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i35

Thorium-based nuclear power

Thorium cycle

Thorium is a radioactive metal, slightly more abundant in the Earth's crust than uranium and with similar chemical properties as uranium. The concept of the thorium reactor is based on the conversion by neutron capture of non-fissile thorium-232 atoms into uranium-233 atoms, which are fissile. The use of thorium as nuclear fuel would imply a breeder cycle, similar to that of the uranium-plutonium breeding cycle.

A thorium reactor would consist of an active reactor core in which fissile nuclides are fissioned, surrounded by a blanket with thorium-232. The active core would generate heat for power generation and the neutrons for the transmutation of thorium-232 into uranium-233. After a given amount of absorbed neutron radiation the material would be removed from the blanket and transported to a reprocessing plant. There the material would be separated into several fractions: remaining thorium-232, newly formed uranium-233 and unwanted nuclides. The thorium would be replaced into the blanket of the reactor and the uranium-233 would be used to fabricate fuel elements for the core of the reactor.

Research and development on the thorium cycle has been less intensive than on the U-Pu cycle and never reached the prototype phase. Among a number of other countries, the USA conducted Th-232/U-233 research in the 1960s and 1970s. For unclear reasons the research has not been continued.

Uranium-233

Uranium-233 does not occur in nature, due to its relatively short half-life of 158000 years. In the USA, during the 1950s and 1960s, U-233 has been envisioned as fuel in very compact military reactors for special applications, e.g. for electricity generation on remote locations and in large (military) spacecraft, in nuclear-powered rockets and even in a nuclear-powered bomber. Although U-233 reportedly would have about the same properties as plutonium for use in nuclear weapons, no such weapons seem to have been developed. Undoubtedly the former Sovietunion also has done research on the use of thorium, but little is known about that.

Apparently there exist good reasons not to use U-233 in military reactors or in weapons and to discontinue the research towards the thorium power reactor. The high radioactivity of uranium-233 and unavoidable contamination with unwanted radionuclides impeding the controllability of the fission process in uranium-233 may be a factor.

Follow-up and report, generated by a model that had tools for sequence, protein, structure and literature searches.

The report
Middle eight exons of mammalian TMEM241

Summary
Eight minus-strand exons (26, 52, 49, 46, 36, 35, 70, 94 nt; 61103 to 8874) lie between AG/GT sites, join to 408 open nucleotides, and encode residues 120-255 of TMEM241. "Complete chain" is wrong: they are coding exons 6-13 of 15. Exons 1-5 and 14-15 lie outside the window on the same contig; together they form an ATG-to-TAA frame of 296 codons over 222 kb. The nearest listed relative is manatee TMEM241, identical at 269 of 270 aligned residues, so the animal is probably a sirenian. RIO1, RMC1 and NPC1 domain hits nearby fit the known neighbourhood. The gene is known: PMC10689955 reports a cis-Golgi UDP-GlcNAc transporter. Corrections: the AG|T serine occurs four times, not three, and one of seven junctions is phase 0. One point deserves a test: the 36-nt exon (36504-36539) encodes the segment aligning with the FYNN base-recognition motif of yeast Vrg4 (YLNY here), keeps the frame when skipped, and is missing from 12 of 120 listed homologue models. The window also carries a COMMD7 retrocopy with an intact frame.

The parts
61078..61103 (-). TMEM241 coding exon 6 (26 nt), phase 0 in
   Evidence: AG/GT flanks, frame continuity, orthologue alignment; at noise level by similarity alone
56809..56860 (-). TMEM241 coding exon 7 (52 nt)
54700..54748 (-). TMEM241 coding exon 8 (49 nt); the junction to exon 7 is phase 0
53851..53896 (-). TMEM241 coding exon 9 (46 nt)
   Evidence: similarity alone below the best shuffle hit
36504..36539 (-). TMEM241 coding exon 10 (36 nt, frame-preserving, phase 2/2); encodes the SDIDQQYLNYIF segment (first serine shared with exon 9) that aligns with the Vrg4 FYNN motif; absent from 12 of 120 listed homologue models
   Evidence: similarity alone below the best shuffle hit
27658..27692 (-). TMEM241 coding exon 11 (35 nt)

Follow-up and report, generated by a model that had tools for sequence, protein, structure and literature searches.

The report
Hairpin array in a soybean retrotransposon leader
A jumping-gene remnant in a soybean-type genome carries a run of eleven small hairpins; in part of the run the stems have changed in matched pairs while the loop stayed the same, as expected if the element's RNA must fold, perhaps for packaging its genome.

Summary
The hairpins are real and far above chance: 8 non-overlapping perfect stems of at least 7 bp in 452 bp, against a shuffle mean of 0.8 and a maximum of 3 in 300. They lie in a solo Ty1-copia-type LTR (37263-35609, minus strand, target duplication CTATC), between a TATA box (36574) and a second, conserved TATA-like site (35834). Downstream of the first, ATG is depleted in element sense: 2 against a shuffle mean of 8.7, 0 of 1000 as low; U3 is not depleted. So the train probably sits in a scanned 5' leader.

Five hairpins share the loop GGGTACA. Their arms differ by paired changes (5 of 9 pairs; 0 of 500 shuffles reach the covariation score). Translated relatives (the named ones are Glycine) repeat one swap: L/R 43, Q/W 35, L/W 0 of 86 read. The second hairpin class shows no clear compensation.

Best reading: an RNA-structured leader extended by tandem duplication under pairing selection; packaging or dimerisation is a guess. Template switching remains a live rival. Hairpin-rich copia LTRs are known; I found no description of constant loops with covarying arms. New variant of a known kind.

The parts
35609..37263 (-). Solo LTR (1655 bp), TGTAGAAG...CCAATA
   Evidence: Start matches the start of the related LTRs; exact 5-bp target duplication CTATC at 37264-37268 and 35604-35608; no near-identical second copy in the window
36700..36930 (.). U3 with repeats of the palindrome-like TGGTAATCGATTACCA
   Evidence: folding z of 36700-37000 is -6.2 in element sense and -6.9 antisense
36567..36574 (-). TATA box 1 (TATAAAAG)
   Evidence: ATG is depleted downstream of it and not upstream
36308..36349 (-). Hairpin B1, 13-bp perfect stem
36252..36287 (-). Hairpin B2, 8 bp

India seems to be the only country at this moment still conducting some research on the Th-232/U-233 fuel cycle.

Only small quantities of U-233 exist in the world at this moment, the USA has 1710 kg of it in storage, 905 kg of which still contained in spent fuel. The U-233 stocks in other countries are unknown. The largest DOE reactor currently operating could produce only about 0.3 kg/year.

Time frame of any thorium cycle

To generate sufficiently pure U-233, special reactors are required, likely not appropiate for use as power reactors. It would take decades to construct these reactors and to generate sufficient U-233 to start up the first operating Th-U breeder system. Then it would take centuries to attain a thorium breeder capacity equalling the current nuclear capacity (370 GWe), assumed the cycle would work. Hybrid reactor A major drawback of the thorium cycle is that a genuine thorium breeder reactor cannot sustain a fission process in itself, but always would need an external accelerator-driven neutron source, or the addition of extra fissile material, such as plutonium or uranium-235 from conventional reactors.

Feasibility

The feasibility of the thorium breeding cycle is even more remote than that of the U-Pu breeder. This is caused by specific features of the thorium cycle on top of fundamental limitations. The realisation of the thorium-uranium cycle would require the availability of 100% perfect materials and 100% complete separation processes. None of these two prerequisites are possible, as follows from the Second Law of thermodynamics [more i42, i43]. It can be argued beforehand that the Th-U breeder cycle will not work as envisioned. In addition it would be questionable if the energy balance of any thorium fuelled nuclear power system could be positive.

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